The "safety operator" of a self-driving Uber car was watching TV just before the vehicle was involved in a fatal collision, a police report reveals. The Uber car struck and killed pedestrian Elaine Herzberg, 49, of Tempe, Arizona in March. The police report suggests the car's driver was streaming an episode of talent show The Voice rather than monitoring the car's progress. It suggests she could face charges of vehicle manslaughter.
The "safety" driver behind the wheel of a self-driving Uber that hit and killed a pedestrian was streaming the television show The Voice on her phone at the time of the crash, police have said. The collision that killed Elaine Herzberg, 49, who was crossing the road at night in Tempe, Arizona, was "entirely avoidable", a police report said, if Rafaela Vasquez had been paying attention. Instead she repeatedly looked down at her phone, glancing up just a half second before the car hit Herzberg. Police said she could faces charges of vehicle manslaughter, but it would be for prosecutors to decide. The Uber car was in autonomous mode at the time of the crash, but Uber, like other self-driving car developers, requires a back-up driver in the car to intervene when the autonomous system fails or a tricky driving situation occurs.
Police in Tempe, Arizona said evidence showed the "safety" driver behind the wheel of a self-driving Uber was distracted and streaming a television show on her phone right up until about the time of a fatal accident in March, deeming the crash that rocked the nascent industry "entirely avoidable." A 318-page report from the Tempe Police Department, released late Thursday in response to a public records request, said the driver, Rafaela Vasquez, repeatedly looked down and not at the road, glancing up just a half second before the car hit 49-year-old Elaine Herzberg, who was crossing the street at night. According to the report, Vasquez could face charges of vehicle manslaughter. Police said that, based on testing, the crash was "deemed entirely avoidable" if Vasquez had been paying attention. Police obtained records from Hulu, an online service for streaming television shows and movies, which showed Vasquez's account was playing the television talent show "The Voice" the night of the crash for about 42 minutes, ending at 9:59 p.m., which "coincides with the approximate time of the collision," the report says.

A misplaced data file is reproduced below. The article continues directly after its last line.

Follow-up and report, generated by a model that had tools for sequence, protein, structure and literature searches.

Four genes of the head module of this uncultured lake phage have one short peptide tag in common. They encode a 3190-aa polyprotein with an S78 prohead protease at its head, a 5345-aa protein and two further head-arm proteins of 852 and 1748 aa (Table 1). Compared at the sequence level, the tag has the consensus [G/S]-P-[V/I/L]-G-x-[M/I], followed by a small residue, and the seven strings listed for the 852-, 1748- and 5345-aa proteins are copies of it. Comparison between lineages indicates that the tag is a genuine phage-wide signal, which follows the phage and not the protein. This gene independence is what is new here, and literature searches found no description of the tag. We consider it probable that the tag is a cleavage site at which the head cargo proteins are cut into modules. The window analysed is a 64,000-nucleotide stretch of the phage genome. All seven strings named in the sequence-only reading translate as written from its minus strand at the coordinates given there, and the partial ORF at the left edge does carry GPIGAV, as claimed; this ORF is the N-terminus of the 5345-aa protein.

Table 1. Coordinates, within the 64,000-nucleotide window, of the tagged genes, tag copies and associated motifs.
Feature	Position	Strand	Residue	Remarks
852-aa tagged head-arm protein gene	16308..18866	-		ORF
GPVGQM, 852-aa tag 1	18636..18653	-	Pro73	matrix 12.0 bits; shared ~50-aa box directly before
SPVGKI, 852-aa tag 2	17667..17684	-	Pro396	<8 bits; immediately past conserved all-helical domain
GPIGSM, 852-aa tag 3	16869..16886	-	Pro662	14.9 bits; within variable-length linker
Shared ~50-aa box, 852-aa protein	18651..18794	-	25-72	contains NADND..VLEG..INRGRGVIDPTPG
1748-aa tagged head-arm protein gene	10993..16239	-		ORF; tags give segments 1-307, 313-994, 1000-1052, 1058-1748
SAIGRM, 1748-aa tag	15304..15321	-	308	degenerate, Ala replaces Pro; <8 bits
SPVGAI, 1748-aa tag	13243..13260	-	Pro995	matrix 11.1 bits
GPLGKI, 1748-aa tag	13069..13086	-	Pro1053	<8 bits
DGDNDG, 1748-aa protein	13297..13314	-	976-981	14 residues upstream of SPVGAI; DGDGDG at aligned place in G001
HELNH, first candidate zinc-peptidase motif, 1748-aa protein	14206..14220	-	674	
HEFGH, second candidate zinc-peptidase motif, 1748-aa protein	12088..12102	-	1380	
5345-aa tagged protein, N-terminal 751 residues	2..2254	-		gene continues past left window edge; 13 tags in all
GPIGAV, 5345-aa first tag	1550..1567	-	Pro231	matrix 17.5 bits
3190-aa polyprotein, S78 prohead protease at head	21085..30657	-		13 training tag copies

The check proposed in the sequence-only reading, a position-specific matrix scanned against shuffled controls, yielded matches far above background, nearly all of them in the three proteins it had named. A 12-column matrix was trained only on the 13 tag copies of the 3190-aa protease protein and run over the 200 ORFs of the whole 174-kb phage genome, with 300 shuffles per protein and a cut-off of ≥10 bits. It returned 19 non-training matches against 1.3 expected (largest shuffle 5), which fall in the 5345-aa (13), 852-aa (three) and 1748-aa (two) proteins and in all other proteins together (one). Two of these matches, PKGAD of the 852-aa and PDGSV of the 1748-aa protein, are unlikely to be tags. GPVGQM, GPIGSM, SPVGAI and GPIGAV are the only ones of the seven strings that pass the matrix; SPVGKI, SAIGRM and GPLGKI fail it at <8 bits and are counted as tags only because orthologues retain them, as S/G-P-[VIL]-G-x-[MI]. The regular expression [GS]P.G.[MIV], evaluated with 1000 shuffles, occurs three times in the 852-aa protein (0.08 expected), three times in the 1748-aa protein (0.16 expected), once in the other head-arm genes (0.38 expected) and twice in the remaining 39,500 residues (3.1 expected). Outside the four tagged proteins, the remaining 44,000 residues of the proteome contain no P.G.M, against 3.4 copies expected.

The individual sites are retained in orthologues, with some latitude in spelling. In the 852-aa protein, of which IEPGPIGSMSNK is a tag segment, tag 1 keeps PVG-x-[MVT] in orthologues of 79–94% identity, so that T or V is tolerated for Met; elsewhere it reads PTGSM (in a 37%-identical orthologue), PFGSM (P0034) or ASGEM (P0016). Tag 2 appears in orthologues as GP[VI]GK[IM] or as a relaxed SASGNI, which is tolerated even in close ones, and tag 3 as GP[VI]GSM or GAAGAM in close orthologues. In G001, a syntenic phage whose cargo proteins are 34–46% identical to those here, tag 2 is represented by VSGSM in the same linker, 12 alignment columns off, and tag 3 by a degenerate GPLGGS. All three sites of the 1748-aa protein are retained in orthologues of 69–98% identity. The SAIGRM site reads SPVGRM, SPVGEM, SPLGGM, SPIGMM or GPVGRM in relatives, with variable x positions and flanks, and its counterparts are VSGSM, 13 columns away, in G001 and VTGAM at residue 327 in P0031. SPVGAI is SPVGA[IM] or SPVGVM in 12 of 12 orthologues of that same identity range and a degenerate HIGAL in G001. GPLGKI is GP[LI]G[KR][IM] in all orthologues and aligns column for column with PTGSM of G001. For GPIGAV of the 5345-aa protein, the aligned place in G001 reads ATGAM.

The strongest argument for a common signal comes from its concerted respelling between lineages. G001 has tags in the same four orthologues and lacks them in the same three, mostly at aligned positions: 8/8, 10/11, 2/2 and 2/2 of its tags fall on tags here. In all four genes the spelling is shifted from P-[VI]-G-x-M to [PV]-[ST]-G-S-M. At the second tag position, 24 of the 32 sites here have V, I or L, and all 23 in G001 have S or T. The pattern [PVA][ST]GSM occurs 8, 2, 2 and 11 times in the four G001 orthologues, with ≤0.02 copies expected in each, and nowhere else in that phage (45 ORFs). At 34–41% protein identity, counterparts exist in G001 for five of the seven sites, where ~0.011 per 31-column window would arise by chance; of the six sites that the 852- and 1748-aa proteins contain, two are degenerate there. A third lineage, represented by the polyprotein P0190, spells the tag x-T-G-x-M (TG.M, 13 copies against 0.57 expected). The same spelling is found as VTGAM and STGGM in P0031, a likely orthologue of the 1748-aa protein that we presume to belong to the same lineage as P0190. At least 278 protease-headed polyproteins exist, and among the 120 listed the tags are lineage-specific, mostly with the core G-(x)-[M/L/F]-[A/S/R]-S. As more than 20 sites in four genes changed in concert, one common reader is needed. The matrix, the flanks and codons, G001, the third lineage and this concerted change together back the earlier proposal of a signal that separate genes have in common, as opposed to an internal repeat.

According to a report last month by the National Transportation Safety Board, which is also investigating the crash, Vasquez told federal investigators she had been monitoring the self-driving interface in the car and that neither her personal nor business phones were in use until after the crash. That report showed Uber had disabled the emergency braking system in the Volvo, and Vasquez began braking less than a second after hitting Herzberg.
Autonomous cars will now be allowed on all public Boston roads. The city has played host to nuTonomy for some time now, allowing the company to test its self-driving Renault Zoes at the Raymond L. Flynn Marine Park in January of last year, later expanding its testing zone to the Seaport District. And for the past few months, nuTonomy and Lyft have teamed up on a pilot program, transporting passengers in the autonomous vehicles within the Seaport area. Now, Boston will allow nuTonomy to test its vehicles city-wide. "Continuing to test autonomous vehicles in a careful and methodical manner represents another step forward in helping us to achieve the vision for improved mobility that was established by residents during the Go Boston 2030 Transportation Plan public process," Boston Mayor Martin Walsh said in a statement.